What if my PROFIBUS system should fail, or a chip fail in a device?

PROFIBUS has been designed to allow configurations where redundant cabling is possible to take account of wire breaks. Also, node failures can be configured to be ignored, or to trigger a 'stop' in the master. In this case unaffected nodes can continue operation. When a failure is identified the master immediately resends the telegram and it's possible to configure the number of times this is attempted. Information relating to the failure is generally available on a node, a module within a node and on a channel specific basis. Certification testing of devices through an authorized test laboratory ensures that potential failures conform to what is expected of them. Media redundancy can be achieved through dual master systems.


Can new devices be added to a PROFIBUS system without upgrading the system?

PROFIBUS guarantees backwards compatibility. So, if new functions are offered in a device it will still be possible to use this device on the same wire with older devices, allowing progression of the system without forcing users to upgrade unless they specifically wish to enhance their functionality.


Does a PROFIBUS system require skilled personnel? What is the average learning curve?

PROFIBUS has been designed to be simple. Assuming a knowledge of PLCs and field device technology it has been our experience that the information needed to set up a network can be imparted in as little as half a day. There are many training courses available from vendor members and PI Training labs. PI itself runs a series of practical workshops from integration to device implementation. Check our events pages to find a training course suitable for your needs.


What after sales support can users of PROFIBUS expect?

There are currently more than 1400 companies worldwide who have committed to PI, some 150 of which companies manufacture PROFIBUS products and support them via their thousands of agents, distributors and subsidiaries worldwide. Many of these companies are vendors of both (a) master and (b) slave technology. Our network of Regional PROFIBUS Associations also provide support in a number of countries where they can offer advice on product sourcing, implementation and application by 'phone, fax and email. Many of these associations run training courses and seminars. PROFIBUS is of course a core part of most vendors product offering and you would expect many of their support staff to be able to deal with PROFIBUS technical issues.


What hardware and software is needed to set up a PROFIBUS system?

In addition to a PLC and the devices to be controlled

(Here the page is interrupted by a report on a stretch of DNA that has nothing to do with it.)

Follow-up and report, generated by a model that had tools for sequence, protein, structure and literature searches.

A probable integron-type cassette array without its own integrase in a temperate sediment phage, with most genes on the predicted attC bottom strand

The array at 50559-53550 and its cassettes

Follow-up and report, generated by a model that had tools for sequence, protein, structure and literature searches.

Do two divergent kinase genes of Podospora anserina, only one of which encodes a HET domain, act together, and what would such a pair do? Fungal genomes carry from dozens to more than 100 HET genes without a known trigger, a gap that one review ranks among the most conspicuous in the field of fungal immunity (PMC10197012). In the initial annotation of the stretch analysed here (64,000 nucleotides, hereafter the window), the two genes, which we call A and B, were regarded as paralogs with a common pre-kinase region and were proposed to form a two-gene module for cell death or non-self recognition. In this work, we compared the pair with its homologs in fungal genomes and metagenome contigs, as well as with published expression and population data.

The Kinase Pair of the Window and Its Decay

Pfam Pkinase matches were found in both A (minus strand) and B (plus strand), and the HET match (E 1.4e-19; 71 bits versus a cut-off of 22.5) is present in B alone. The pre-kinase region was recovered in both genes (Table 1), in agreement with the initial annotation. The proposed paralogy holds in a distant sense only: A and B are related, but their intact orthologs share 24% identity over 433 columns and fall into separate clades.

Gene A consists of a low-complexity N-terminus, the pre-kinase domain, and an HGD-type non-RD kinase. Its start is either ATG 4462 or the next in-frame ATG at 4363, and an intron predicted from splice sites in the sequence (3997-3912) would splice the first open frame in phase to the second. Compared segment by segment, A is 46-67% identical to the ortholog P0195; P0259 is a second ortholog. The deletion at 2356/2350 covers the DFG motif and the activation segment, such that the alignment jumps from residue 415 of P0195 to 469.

• a cable - Shielded Twisted Pair with terminating resistors or Fibre Optic with Optical Link Modules
  • a GSD file for each device. (A simple ASCII text file containing device data like identification info, what transmission speeds are supported, data format, time required to respond etc.)
  • a software configuration tool. This configures the active stations and tells them what devices are present on the bus and how much data it needs to exchange with them etc. is required.

What connectors, pinout and mandatory signals are used?

The PROFIBUS Standard does not specify an alternative to the 9 pin D-SUB connectors, but it is often necessary to have alternatives available.

The test specification for DP Slaves defines:

  • Alternative connectors may be used. No special connector is defined. But if the device with these alternative connectors should be certified, it must have all the mandatory signals of the PROFIBUS D-SUB connector available.
  • Furthermore, you should take into consideration for high speed usage, that some additional components should be used in combination with the D-SUB connector, or any other one.
  • These components (R, L, C) are specified into the Implementation Guideline for PROFIBUS-DP, and are explained in detail including sample circuit diagrams in the new PROFIBUS-DP book (The Rapid Way to PROFIBUS-DP). This book may be ordered from your local PROFIBUS organization.

Are there any particular applications or sectors of industry that particularly benefit from PROFIBUS?

PROFIBUS has already found many applications in factory, process and building automation, for example from Automotive manufacture at General Motors across Europe, to Breweries like Bitburger and Guinness to building management like the Russian Kremlin building. PROFIBUS is also being used in applications that were never envisaged from its conception, because it has been constructed in a way that allows for many new device types to be added. However, the two key areas of industry that can most benefit from its adoption are :

  • Factory Automation, where signal wiring costs are cut significantly and many devices can be installed directly on the bus, thus removing the need for many input and output signals.
  • Process Automation, where cabling costs are significantly reduced; devices can be placed directly in the hazardous areas; many analogue I/O cards can be eliminated by transferring all data on one twisted pair cable. This also reduces the need for I/S barriers.

Cable specifications: What should I use?

The PROFIBUS standard defines two variations of the bus cable. However it is recommended to use cable Type A in all new installations.

Type A is recommended for high transmission speeds and permits a doubling of the network distance in comparison to Type B.

Type A Technical specification:

  • Impedance: 35 up to 165 Ohm at frequencies from 3 to 20 Mhz.
  • Cable capacity: < 30 pF per meter.
  • Core diameter: > 0,34 mm², corresponds to AWG 22.
  • Cable type: twisted pair cable. 1x2 or 2x2 or 1x4 lines.
  • Resistance: < 110 Ohm per km.
  • Signal attenuation: max. 9 dB over total length of line section.
  • Shielding: CU shielding braid or shielding braid and shielding foil.
  • Max. Bus length: 200 m at 1500 kbit/s, up to 1,2 km at 93,75 kbit/s. Extendable by repeaters.